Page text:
Washington, United StatesDec 01, 2016, 07.41 PM
The US-led coalition admitted that 54 civilians had been "inadvertently killed" in seven air strikes on the Islamic State group in Syria and Iraq between march and October.
The coalition in a statement said that some casualties were "unavoidable" despite their efforts to minimise the risk to civilians.
"Although the coalition makes extraordinary efforts to strike military targets in a manner that minimises the risk of civilian casualties, in some cases casualties are unavoidable," the coalition said in a statement, news agency AFP reported.
"Four past reports of possible civilian casualties and three of the reports received in October were determined to be credible resulting in the unintended death of 54 civilians," the report stated, Russia's Sputnik International reported.
According to official coalition numbers, a total of 173 people have been killed since the offensive began against the Islamic State in 2014.
In a deadly coalition strike on a group of Is fighters near Syria's Manbij on July 18, about a hundred were killed.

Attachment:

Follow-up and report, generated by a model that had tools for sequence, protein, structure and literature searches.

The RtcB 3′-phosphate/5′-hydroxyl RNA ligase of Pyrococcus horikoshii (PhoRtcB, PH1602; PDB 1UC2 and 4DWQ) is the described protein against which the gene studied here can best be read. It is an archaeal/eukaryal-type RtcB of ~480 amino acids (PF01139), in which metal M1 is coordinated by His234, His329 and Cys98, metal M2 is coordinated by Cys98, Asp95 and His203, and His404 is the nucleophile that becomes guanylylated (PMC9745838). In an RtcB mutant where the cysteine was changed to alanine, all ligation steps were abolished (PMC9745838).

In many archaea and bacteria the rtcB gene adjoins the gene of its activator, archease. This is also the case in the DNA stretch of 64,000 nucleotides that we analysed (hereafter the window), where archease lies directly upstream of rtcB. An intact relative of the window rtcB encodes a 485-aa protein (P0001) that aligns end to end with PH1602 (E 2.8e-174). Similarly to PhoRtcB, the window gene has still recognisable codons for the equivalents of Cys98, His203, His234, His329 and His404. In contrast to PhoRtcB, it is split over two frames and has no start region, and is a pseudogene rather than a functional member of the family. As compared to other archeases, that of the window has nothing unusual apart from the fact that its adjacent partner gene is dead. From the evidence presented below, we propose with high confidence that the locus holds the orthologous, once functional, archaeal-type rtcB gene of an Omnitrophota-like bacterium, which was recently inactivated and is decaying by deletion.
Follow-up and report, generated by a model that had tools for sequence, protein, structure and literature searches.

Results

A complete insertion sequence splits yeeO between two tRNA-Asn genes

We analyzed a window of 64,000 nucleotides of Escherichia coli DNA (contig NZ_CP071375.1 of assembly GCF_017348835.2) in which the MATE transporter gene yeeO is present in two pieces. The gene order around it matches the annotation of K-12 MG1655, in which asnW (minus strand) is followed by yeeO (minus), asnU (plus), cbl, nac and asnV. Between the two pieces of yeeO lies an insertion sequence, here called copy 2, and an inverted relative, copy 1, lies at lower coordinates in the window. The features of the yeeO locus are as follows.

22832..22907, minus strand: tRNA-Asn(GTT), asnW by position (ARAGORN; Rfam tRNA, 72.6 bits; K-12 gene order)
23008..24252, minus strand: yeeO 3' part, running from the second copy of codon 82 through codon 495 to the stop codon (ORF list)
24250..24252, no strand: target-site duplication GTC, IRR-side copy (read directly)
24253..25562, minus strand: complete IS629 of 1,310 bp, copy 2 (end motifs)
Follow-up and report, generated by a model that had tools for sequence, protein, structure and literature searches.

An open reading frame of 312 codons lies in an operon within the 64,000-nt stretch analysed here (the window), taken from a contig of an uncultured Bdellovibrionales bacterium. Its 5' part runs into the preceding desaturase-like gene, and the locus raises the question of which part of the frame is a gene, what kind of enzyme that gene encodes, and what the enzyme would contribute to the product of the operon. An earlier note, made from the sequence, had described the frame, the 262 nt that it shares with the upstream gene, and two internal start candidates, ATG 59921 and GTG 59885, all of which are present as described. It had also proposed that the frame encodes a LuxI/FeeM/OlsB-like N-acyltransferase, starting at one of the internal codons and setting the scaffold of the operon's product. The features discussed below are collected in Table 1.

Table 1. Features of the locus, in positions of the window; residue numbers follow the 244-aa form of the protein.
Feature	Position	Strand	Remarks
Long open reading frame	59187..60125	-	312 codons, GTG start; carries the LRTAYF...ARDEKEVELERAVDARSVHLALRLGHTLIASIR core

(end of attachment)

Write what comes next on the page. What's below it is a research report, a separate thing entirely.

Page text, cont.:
The coalition said that 24 civilians were "inadvertently killed in a known (IS) staging area where no civilians had been seen in the 24 hours prior to the attack"
Another fifteen civilians were killed in Syria in a July 28 strike. An IS vehicle had been targeted in a populated area. Officials said the vehicle had slowed after the guided bomb was released, AFP reported.
A strike on an IS position in Iraq killed eight civilians on October 22.
A London-based collective of journalists and researchers, Airwars, have praised Pentagon's efforts at accountability compared to Russia and President Bashar al-Assad's regime. The group says the number of likely civilian deaths from coalition strikes is 1,915 at a bare minimum. Airwars keeps an account of every known coalition strike using local resources and photographs and media accounts.
As of November 17 -- the date of the most recent tally -- the coalition had conducted a total of 16,291 strikes, about two-thirds of them in Iraq and the rest in Syria, AFP reported.
Coalition officials declared 12 other reports of civilian casualties as "non-credible" after a recent review.